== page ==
finance news

Russia’s central bank doubles interest rate after ruble slides 30%

Russia’s central bank doubles interest rate after ruble slides 30%
Russia’s central bank doubles interest rate after ruble slides 30%

Russia’s central bank, the Bank of Russia, has reportedly raised its interest rate by more than double, following a 30% slump in the valuation of its currency, ruble, against the US dollar.

The bank has hiked the rate from 9.5% to 20% to ease the impact on prices.

The sudden rise in rate by the central bank was done to prevent rapid depreciation in the ruble’s value, which threatens the currency’s buying power as well as the savings of ordinary customers.

The decision comes amidst the UK, US, and EU cutting off Russian banks from western financial markets and prohibiting dealings with state-owned investments funds, the finance ministry, as well as the central bank, due to Russia’s invasion of Ukraine.

Russia, which has around $630 billion in reserves, stockpiled from soaring prices of oil and gas, has most of it stored in foreign currencies, like sterling, dollar, and euro, as well as in gold. A Western ban restricts the country from accessing this cash.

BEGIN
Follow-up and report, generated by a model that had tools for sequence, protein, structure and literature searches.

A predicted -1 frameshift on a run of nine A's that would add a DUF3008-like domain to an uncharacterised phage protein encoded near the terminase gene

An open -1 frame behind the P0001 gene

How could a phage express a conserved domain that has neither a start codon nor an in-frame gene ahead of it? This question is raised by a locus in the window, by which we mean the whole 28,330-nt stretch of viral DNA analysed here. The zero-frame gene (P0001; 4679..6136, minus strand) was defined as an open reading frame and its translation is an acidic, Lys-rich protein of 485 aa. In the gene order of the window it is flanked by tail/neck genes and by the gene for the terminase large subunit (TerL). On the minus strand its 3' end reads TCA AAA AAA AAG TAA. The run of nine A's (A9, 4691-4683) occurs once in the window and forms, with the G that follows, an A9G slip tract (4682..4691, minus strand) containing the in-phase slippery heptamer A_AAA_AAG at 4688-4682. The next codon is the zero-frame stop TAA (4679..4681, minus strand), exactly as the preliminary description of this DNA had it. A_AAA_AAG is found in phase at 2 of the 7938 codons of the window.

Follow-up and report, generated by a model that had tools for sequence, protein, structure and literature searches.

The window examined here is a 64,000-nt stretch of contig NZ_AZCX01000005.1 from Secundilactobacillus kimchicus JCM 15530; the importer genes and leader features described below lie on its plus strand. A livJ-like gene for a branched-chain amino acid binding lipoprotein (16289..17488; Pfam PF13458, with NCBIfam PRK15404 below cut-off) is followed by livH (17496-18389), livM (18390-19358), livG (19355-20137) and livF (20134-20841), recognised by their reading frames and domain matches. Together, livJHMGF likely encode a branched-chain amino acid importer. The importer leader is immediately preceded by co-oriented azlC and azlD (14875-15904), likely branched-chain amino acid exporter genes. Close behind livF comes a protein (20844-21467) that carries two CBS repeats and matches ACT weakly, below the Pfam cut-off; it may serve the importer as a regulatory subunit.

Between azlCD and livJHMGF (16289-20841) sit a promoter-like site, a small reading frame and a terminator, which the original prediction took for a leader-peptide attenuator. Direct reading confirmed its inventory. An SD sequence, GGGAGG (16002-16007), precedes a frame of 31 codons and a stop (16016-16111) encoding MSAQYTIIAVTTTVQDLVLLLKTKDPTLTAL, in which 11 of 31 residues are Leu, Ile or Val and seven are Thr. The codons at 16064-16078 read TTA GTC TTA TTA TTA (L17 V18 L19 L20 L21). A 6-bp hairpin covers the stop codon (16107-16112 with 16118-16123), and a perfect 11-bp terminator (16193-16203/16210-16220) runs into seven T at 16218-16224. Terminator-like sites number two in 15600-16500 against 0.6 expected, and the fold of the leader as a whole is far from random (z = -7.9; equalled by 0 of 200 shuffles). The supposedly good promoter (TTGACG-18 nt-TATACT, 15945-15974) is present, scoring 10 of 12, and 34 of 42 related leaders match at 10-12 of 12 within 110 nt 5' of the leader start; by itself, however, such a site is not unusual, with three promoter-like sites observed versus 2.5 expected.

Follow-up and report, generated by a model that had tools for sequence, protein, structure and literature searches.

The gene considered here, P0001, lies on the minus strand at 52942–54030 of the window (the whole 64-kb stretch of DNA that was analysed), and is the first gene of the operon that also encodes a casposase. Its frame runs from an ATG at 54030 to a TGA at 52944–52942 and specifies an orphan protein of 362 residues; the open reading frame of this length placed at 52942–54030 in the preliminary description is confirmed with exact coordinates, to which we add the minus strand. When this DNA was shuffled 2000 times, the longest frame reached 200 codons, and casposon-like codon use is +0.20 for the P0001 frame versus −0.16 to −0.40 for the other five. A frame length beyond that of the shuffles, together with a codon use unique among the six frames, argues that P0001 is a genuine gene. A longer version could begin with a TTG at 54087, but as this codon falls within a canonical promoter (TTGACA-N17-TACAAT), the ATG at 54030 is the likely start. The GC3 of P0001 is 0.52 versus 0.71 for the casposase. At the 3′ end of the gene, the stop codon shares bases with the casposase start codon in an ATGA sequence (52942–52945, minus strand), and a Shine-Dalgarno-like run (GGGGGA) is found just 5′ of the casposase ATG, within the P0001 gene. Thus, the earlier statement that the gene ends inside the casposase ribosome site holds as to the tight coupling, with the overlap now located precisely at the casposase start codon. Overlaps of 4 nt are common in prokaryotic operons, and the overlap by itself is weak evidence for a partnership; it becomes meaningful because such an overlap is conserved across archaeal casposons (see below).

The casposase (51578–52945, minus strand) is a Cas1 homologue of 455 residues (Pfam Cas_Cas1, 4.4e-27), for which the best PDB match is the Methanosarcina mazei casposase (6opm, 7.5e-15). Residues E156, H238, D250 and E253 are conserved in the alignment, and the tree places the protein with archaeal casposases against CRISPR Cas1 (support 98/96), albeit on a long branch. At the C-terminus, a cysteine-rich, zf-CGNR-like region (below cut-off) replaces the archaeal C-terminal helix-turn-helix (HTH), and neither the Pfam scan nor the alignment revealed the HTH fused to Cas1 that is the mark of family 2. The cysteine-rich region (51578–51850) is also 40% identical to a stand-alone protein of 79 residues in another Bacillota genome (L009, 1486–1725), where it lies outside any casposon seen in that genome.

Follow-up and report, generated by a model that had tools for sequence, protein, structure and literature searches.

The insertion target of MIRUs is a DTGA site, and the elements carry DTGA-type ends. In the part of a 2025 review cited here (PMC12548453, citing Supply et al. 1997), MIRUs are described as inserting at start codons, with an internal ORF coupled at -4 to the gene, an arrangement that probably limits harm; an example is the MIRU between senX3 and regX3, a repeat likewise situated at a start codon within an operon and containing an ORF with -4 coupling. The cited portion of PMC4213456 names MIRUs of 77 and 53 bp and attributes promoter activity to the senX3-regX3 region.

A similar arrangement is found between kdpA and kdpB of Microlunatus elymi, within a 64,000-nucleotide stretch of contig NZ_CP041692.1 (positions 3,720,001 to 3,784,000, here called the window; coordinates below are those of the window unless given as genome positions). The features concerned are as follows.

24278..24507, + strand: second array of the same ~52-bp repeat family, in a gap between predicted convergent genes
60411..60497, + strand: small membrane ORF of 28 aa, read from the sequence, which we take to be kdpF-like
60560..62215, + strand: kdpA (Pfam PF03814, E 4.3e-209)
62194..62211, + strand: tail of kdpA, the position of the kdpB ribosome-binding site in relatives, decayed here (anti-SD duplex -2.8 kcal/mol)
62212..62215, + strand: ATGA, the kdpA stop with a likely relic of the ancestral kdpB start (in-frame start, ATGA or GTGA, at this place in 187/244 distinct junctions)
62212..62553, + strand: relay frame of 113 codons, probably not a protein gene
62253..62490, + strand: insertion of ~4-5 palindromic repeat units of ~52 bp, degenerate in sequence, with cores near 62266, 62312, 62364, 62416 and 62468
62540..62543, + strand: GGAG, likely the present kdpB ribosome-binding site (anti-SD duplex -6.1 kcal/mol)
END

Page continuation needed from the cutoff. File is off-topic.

Last week, the central bank was forced to increase the amount of money supplied to ATMs due to increased demand for cash, the highest since March of 2020.

During the weekend, it issued an appeal for calm, saying that the bank had the required resources and tools for maintaining financial stability, as fears sparked over new financial sanctions causing a bank run in Russia.

The central bank also ordered brokers to suspend the execution of orders to sell Russian investments by foreign individuals and legal entities, adding that it has not yet decided on opening markets apart from foreign exchange or money markets.

One of the harshest measures imposed on Moscow as of now was cutting off of Russian banks from Swift, the international payments system on which the country heavily relies for major oil and gas exports. Assets of Russia’s central bank have also been frozen to limit the country’s ability in accessing foreign reserves.

It has been jointly stated that this was done to further isolate the country from the international financial system.

Source credit:

About the author

Vinisha Joshi

Vinisha Joshi

Despite graduating with an engineering degree in electronics and communication, Vinisha Joshi chose the road less travelled, and decided to pursue her career in content writing . Currently, she pens down articles for and a few other distinguished news platforms, pertaining to business and finance.